Me?? An inspiration?? Wow. I don't know what to say...I'm humbled to say the least! I can see JoeJoe, Bob Cassidy, Pop Haydn, and many others being an inspiration. But ME?? Ha hahaha! Thank you.

Doug
SoyMilky
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Joe Joe is a straight up shooter and his contribution to the magic community is not to be underestimated.

I am using his super spinner for my gigs now.
Mr. Woolery
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Sorry to be late answering the questions put to me.

David Blaine and Chris Angel do have the skills and are certainly magicians. When they use SFX to achieve a false presentation of what we are supposed to believe was done live, in front of a real audience, they are not doing magic. That's when they turn into liars. And like Dougini, that's not the kind of magician I want to be.

I've enjoyed watching Zach for a couple of years now. Very good stuff. Not a magician, so not relevant. If he presented his videos as examples of things he can do in person, it would be germane to the discussion, but he doesn't so it isn't.

In terms of the magic world, I am indeed a nobody. Thank you so much for the belittling comment. However, is this meant to say that I don't have a right to an opinion about the matter? I am an amateur and not ashamed of it. My own experience is largely entertaining kids. In person. They would not stand for me showing them a video of a trick that I can't show them in person. That's not real magic.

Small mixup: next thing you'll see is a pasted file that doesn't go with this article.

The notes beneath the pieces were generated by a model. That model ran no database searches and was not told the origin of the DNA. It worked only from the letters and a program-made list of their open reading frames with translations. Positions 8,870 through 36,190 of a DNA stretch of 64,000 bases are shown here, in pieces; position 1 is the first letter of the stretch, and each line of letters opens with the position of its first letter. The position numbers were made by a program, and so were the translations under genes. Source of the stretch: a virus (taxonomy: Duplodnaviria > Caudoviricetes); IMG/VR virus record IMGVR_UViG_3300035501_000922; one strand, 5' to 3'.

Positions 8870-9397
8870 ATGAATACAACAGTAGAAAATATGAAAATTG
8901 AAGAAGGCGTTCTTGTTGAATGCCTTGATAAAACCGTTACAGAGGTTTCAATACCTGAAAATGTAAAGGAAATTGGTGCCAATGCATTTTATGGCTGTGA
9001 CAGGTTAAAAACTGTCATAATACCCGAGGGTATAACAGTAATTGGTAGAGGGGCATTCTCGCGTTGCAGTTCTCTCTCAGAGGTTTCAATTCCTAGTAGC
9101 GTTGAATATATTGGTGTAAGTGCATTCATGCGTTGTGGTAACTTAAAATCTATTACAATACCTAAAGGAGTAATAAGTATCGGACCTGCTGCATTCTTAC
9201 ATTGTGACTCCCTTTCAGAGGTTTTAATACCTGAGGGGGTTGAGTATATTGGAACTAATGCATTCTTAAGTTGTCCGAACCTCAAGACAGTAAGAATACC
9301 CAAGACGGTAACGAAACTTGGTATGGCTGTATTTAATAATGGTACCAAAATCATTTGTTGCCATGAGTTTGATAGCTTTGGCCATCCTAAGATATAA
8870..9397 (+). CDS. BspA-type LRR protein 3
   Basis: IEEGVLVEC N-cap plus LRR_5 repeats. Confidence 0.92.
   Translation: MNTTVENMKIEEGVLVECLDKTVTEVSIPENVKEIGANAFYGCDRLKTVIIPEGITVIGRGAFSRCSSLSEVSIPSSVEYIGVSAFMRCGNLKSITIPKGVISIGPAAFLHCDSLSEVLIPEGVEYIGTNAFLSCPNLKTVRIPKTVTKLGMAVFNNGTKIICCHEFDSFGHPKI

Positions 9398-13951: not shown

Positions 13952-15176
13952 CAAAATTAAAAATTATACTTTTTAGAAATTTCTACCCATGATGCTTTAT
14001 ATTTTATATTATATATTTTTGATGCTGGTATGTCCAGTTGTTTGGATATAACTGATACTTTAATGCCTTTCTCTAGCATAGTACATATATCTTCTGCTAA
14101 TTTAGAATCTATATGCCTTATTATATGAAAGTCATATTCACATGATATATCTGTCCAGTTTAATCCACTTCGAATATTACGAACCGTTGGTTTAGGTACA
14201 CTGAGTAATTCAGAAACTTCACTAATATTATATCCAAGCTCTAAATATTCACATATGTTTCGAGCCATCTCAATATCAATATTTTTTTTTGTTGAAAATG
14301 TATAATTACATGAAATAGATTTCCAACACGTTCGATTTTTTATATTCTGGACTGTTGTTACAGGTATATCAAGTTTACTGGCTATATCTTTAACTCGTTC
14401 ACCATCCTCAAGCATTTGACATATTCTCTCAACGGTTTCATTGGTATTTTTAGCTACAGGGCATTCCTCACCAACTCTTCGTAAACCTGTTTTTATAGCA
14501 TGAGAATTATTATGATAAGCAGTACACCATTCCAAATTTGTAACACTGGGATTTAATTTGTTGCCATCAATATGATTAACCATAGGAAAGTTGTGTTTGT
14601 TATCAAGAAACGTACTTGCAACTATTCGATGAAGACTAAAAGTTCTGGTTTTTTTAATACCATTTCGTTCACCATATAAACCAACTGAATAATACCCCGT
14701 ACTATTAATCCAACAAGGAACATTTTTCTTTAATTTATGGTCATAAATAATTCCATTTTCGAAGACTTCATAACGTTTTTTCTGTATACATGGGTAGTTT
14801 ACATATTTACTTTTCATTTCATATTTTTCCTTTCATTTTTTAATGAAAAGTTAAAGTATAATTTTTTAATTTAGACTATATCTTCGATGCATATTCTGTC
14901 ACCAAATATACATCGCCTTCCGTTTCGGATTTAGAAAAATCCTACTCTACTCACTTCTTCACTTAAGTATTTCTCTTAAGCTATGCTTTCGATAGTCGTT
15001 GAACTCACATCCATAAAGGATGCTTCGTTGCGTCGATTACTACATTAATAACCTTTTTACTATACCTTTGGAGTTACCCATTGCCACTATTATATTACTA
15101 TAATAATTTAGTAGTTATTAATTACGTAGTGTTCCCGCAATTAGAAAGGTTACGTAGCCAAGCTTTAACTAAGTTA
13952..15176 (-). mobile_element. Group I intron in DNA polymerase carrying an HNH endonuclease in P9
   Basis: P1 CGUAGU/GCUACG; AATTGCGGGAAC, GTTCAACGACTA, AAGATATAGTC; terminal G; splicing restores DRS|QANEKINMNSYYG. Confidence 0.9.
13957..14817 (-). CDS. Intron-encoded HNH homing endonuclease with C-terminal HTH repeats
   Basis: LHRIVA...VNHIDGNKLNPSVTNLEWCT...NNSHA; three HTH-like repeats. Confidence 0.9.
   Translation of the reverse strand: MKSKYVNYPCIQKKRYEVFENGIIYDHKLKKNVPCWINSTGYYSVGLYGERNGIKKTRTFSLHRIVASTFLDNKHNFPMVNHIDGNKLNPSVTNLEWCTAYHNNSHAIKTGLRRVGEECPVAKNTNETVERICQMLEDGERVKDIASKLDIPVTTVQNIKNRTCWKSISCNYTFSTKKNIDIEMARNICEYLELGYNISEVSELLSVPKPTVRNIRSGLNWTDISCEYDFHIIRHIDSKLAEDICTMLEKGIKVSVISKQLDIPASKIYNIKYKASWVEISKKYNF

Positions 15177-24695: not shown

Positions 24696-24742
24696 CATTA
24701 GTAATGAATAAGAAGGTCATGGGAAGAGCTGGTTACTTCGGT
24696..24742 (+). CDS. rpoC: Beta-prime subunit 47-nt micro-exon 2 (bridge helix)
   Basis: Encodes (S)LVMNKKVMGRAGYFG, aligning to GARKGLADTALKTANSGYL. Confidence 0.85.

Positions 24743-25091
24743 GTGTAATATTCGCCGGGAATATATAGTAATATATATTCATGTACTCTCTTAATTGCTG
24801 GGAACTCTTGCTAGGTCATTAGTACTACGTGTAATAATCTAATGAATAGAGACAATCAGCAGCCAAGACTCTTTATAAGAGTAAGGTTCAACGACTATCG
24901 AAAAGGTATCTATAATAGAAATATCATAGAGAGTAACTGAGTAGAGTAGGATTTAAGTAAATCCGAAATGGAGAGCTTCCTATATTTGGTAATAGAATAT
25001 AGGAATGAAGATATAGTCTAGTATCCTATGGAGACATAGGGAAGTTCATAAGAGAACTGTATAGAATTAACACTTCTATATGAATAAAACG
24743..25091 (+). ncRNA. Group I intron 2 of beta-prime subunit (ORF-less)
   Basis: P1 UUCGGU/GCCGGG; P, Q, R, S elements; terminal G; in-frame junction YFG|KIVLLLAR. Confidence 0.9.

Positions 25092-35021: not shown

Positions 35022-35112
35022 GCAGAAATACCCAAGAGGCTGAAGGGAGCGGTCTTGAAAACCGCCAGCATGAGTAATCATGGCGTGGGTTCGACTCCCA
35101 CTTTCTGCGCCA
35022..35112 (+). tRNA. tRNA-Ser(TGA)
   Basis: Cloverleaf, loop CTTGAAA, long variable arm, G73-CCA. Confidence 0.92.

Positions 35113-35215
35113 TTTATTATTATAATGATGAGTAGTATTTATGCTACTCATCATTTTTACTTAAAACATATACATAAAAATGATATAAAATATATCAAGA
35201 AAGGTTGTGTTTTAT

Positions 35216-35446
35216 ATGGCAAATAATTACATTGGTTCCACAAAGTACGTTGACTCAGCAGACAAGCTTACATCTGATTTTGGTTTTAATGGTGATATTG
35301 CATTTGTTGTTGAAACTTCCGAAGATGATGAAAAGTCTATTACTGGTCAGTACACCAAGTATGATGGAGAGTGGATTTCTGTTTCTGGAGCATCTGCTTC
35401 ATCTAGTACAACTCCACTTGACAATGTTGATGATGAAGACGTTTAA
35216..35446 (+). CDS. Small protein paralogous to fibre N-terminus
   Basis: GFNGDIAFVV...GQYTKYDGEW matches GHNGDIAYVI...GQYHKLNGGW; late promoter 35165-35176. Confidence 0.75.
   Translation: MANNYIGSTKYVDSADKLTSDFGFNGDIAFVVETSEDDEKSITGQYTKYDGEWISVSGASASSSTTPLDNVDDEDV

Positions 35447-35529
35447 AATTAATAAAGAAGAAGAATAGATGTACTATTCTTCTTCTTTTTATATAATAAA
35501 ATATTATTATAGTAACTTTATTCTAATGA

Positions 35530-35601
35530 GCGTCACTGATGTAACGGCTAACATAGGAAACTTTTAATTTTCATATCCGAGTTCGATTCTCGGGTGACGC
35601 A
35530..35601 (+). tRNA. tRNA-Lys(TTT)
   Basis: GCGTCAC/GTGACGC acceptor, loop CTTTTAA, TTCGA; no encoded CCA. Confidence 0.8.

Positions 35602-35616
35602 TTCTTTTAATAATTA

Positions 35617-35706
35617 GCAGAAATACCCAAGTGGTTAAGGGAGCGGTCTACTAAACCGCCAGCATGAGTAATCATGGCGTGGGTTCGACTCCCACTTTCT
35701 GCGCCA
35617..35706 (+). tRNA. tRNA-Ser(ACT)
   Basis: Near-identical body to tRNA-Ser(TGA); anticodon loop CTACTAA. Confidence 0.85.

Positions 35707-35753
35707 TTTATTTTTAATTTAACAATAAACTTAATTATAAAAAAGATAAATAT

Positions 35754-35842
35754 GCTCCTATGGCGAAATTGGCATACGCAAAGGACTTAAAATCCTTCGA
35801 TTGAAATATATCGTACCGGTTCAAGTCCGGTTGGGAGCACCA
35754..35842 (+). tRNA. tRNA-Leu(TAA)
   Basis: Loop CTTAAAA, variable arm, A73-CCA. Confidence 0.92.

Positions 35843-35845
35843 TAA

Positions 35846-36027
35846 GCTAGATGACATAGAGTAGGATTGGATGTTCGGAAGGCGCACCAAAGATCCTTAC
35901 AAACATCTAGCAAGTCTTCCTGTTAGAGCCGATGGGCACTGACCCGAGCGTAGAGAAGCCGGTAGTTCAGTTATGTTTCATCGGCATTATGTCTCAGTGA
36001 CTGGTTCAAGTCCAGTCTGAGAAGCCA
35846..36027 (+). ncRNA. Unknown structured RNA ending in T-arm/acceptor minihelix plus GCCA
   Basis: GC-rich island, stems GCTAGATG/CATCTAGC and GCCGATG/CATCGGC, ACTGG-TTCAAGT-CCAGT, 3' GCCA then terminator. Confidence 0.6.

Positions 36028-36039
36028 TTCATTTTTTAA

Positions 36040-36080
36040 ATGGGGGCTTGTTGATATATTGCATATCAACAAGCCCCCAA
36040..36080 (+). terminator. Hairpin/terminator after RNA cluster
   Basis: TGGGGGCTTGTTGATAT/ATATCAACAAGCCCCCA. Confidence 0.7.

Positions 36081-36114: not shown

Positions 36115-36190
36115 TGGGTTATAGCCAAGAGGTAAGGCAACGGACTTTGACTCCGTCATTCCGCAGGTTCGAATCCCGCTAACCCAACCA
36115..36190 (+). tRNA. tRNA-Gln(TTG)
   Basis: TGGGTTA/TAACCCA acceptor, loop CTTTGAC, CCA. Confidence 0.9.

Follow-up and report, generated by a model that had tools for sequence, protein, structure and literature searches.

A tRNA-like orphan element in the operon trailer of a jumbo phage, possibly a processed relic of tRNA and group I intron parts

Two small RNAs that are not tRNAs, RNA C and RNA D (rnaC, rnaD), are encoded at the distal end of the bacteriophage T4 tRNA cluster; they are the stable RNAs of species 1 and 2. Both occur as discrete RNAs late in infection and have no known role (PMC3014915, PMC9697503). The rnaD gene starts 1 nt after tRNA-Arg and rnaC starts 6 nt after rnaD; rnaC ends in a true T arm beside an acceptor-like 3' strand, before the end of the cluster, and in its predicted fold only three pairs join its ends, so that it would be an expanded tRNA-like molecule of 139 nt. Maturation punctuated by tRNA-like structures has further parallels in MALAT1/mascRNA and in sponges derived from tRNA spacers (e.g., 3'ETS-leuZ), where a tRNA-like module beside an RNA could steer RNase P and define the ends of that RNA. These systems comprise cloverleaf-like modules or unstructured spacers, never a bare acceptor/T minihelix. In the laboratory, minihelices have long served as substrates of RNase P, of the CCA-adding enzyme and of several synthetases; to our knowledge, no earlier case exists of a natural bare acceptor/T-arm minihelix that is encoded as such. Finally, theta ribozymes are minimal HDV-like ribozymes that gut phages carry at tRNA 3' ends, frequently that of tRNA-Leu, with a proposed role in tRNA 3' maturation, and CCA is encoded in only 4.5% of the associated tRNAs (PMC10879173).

Wizard of Oz summed up my feelings in a lot fewer words than I did: "What I think is the issue here are false representations of truth. The notion that a video is showing us real footage - accurately rendered - when in fact it is nothing of the sort. The performer is not only lying about what his or her audience witnessed, but also about what skills he or she actually possesses."

-Patrick
jacobsw
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Quote:
On Mar 21, 2017, SoyMilky wrote:

Here is my issue with myself about this, so please let's have a conversation Mr.jacobsw.
Magic at its core IS deception isn't it ?
Who are we to get off saying where to draw the line ? Magic at its core IS deception, TV just allowed for an added layer of MASSIVE deception from re-editing, re-sequencing, re-film and include as though it was there all along to outright in your face LYING. Maybe...maybe this IS the next generation of magic and we are all acting like grumpy old man the same way grumpy old magicians complain when the first book on magic was released in the library...what do you think ?